You could on the other hand pu a 100mm ( or similar) lens on that bellows instead of the enlarging lens you have on it now.
If you go that way you should probably get a fairly modern bellows so that you can focus wide open.

Best for you is a combination of 2 and 3.
Get the 100 2.8 WR AND the extension tubes. That way cover a lot of ground. Everything from portrait to micro. Those extension tubes are good for other lenses as well.
01-07-2011, 07:57 AM   #36
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If I'm spending Your money? Go with option 3. Far less dinging around to get going. Just pop the lens on, focus and shoot. Option 1 is good if you want to take pictures of stuff using a tripod. Not very hand hold friendly. We've already discussed the drawbacks of option 2 (those are Canon tubes you show by the way) but you can add more Stuff to fumble with into the mix. Tubes are great if you Only want to shoot close up. Option 3, the lens, also is a very nice 100mm telephoto.

As I said, If I'm spending Your money. I've already spent mine on option 3.

By the way.. That looks like an Enlarger lens shown on the bellows. It Happens to be one of the better types of lenses for that purpose but if you go that way, you'll also need an adapter (likely M39-M42) to use one.

01-07-2011, 08:05 AM   #37
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I think i made upp my mind

I will buy the pentax 100 2.8 WR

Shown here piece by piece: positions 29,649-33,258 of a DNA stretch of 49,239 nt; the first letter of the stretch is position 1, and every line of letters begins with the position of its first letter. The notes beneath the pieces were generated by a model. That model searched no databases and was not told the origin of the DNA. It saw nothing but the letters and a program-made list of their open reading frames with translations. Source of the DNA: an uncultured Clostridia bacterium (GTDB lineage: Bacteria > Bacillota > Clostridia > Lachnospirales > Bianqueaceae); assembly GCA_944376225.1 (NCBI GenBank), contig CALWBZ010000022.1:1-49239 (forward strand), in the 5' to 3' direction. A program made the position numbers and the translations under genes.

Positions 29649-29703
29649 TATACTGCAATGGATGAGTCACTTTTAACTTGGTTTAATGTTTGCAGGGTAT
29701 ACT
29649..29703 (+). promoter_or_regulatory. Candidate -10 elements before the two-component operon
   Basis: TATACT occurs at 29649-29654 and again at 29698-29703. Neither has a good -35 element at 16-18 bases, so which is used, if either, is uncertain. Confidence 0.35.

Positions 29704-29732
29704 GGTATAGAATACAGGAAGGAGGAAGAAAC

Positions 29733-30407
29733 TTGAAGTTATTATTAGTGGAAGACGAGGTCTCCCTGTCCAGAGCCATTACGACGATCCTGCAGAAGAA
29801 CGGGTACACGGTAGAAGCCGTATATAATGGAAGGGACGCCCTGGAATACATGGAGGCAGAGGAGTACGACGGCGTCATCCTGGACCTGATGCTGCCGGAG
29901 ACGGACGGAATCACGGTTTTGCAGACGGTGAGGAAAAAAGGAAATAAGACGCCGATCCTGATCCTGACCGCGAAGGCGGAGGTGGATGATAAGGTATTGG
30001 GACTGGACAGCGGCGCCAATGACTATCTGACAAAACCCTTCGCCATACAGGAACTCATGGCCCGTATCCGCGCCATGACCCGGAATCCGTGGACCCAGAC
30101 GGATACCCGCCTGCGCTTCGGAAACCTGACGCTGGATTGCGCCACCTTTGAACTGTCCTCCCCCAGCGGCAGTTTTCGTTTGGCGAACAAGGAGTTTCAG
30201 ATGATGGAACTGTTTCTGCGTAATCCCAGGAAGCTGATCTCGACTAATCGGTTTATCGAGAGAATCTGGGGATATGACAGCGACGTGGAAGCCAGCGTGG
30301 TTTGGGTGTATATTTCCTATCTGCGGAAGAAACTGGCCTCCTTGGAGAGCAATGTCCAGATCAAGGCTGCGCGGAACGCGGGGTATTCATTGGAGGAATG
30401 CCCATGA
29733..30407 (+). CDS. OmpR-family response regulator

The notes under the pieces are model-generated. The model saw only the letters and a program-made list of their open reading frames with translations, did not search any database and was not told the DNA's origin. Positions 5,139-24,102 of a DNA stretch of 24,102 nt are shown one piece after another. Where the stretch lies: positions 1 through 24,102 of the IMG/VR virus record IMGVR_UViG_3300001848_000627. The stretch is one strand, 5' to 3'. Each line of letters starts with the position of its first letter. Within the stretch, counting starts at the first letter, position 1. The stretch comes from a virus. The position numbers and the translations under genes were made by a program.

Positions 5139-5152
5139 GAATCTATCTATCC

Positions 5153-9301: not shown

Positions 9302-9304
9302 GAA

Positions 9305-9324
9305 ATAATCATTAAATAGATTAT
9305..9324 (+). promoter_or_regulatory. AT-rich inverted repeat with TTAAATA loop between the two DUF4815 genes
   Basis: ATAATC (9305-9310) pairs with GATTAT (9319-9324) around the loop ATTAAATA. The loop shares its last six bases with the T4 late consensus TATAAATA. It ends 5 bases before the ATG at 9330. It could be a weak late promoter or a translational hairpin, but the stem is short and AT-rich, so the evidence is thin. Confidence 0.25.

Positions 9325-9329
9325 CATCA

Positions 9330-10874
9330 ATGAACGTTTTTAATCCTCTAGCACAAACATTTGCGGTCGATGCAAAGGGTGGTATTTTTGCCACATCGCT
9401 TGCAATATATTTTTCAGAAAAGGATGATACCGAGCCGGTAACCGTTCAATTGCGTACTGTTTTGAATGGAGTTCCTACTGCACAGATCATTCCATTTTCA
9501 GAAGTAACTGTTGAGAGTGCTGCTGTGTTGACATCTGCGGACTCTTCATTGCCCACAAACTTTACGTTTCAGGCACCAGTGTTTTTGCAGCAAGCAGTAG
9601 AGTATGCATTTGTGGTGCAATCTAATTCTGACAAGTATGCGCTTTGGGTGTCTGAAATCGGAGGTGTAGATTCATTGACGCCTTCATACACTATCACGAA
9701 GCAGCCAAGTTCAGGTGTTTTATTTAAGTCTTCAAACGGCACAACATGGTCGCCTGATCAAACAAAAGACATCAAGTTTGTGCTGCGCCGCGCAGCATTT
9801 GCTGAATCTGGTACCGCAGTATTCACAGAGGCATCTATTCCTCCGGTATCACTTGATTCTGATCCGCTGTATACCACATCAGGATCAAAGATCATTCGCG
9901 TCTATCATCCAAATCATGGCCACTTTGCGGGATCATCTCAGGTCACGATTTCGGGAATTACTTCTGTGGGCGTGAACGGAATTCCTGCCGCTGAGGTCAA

If i only use the pentax 100 2.8 WR, how mutch close upps on insect can i photograph at most 1:1 says me nothing i need images :-)?

I mean if somebody have images taken with this lens and can show me, what it can do at highest magnification
01-07-2011, 08:06 AM   #38
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QuoteOriginally posted by Purusam Quote
okey.

Option one. (macro kitt)



Option 2



With a new 100 mm lens

option 3



A new pentax 100mm macro wr lens

What do you think guys
All of them. (I'd put tubes at the lowest priority use-wise and highest cost-wise.)

Seriously, the bellows with a 100mm enlarger lens will focus from infinity to 1:1, give excellent image results and be great for entirely manual use indoors - but will not be of much use in the rain, nor as an auto-focus etc portrait lens.

Only you can decide.... but the marginal cost increase for buying all of them is small if you really want the big lens!

on edit:

The Pentax lens has a shorter than expected minimum working distance.

Pentax specs say the minimum focusing distance is 11.93" (303mm) http://www.pentaximaging.com/camera-lenses/smc_PENTAX_D_FA_100mm_F2.8_Macro/ . This is less than expected for a 100mm lens (400mm, 15.75") because the lens has Internal Focusing features and isn't really a 100mm lens when fully extended.

Photozone.de has a nice review of the lens and shows it fully extended: http://www.photozone.de/pentax/129-pentax-smc-d-fa-100mm-f28-macro-review--test-report . Photozone reports a minimum working distance of 130mm - a few inches shorter than the 200mm expected for its nominal focal length . The lens is 81mm long when focused at infinity and almost twice that long when fully extended. This implies that the lens plus distance to the sensor is about 200mm long when fully extended, consistent with the other dimensions given.


Last edited by newarts; 01-07-2011 at 08:33 AM.
01-07-2011, 08:07 AM   #39